NYC Mayor Michael Bloomberg may have been the first out of the gate in his pursuit of ambitious soda restrictions, but won’t go down in history the only audacious elected official to tackle industry executives if one Los Angeles councilman gets his way.
During a committee hearing on Monday afternoon, Councilman Bernard Parks suggested that LA may want to become the first city in the nation to pursue the regulation of energy drinks.
Parks is primarily concern about the effect of energy drinks on police officers and other first responders who use the caffeinated beverages to offset late hours and little sleep.
“If you’re in this mode of drinking this energy drink, instead of eating your breakfast, lunch and dinner, and you’re using it to stay up for long periods of time, and you’re not sleeping, you’re in danger of injuring yourself and causing health problems,” Parks said. “That’s what we’re concerned about.”
Parks’ proposal is three-fold. The first step involves launching an internal campaign aimed at educating city employees of the health-related dangers of energy drink consumption. The second step would relegate the drinks behind the counter at stores—much like cigarettes—and implement an age requirement. The third step toys with the idea that the city attorney should engage in litigation against the “most potent energy drinks.”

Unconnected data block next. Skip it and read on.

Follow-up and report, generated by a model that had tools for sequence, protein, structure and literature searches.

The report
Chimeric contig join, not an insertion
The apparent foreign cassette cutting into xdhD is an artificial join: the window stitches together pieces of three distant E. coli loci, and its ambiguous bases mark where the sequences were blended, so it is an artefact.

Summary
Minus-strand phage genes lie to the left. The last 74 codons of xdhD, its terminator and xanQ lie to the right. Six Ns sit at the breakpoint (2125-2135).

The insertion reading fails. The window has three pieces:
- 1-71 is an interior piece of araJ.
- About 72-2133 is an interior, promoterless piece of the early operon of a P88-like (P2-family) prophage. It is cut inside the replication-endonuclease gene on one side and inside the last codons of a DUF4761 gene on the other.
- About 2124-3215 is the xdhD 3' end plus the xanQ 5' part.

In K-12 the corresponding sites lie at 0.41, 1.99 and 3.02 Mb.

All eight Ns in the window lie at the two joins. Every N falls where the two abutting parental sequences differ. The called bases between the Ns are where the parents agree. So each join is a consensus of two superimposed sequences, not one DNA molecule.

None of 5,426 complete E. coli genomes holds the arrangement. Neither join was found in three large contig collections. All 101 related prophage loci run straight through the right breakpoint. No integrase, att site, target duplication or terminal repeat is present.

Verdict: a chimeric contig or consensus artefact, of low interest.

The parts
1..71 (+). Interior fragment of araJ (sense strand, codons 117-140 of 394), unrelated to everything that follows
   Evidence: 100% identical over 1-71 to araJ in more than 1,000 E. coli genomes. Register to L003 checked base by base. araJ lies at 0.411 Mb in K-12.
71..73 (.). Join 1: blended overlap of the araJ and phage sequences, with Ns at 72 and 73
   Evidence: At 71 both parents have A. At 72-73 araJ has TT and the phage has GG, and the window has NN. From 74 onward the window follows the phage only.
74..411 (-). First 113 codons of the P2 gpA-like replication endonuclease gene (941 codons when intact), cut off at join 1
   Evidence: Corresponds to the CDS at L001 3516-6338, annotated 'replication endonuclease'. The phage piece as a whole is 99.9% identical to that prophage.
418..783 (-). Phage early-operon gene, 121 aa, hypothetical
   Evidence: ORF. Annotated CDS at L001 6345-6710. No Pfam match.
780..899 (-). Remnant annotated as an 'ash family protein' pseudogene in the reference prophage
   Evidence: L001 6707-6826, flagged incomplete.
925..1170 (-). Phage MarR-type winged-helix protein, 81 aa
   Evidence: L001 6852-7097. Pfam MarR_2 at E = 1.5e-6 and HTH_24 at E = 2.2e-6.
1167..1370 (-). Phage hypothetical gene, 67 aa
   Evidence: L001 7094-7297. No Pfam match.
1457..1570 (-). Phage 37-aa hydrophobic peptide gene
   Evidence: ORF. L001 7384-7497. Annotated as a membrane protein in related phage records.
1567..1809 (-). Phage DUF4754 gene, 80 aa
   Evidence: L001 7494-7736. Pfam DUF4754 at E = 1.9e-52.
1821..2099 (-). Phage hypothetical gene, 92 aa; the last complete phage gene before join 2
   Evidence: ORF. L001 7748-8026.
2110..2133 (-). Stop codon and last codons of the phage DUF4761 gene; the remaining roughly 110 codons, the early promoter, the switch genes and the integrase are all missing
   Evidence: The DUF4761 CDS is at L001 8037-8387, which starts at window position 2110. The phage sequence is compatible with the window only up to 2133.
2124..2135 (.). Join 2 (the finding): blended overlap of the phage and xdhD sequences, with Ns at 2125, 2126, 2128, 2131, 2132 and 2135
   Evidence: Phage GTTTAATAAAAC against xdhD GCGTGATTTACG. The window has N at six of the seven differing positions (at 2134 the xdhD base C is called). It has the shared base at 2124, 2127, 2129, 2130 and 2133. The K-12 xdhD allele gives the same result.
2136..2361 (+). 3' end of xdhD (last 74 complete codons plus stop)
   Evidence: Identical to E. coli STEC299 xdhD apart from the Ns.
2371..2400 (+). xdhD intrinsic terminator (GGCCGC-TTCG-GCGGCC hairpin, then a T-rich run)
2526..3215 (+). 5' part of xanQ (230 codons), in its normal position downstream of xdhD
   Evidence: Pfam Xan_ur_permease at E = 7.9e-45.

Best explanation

Mayor Garcetti told CBS Los Angeles that the measure is certainly worth a look.
“I think it’s a fair thing to look at, I want to see this more as they explore it,” Mayor Garcetti said. “But there’s certainly marketing that goes often times towards kids, whether it’s energy drinks, whether it’s cigarettes that we’ve seen.”
Opponents of the idea suggest that the regulation of highly-caffeinated drinks is better dealt with at the level of the FDA. Proponents argue that the federal government’s failure to regulate prompts local action.
Read the full article at CBS Los Angeles.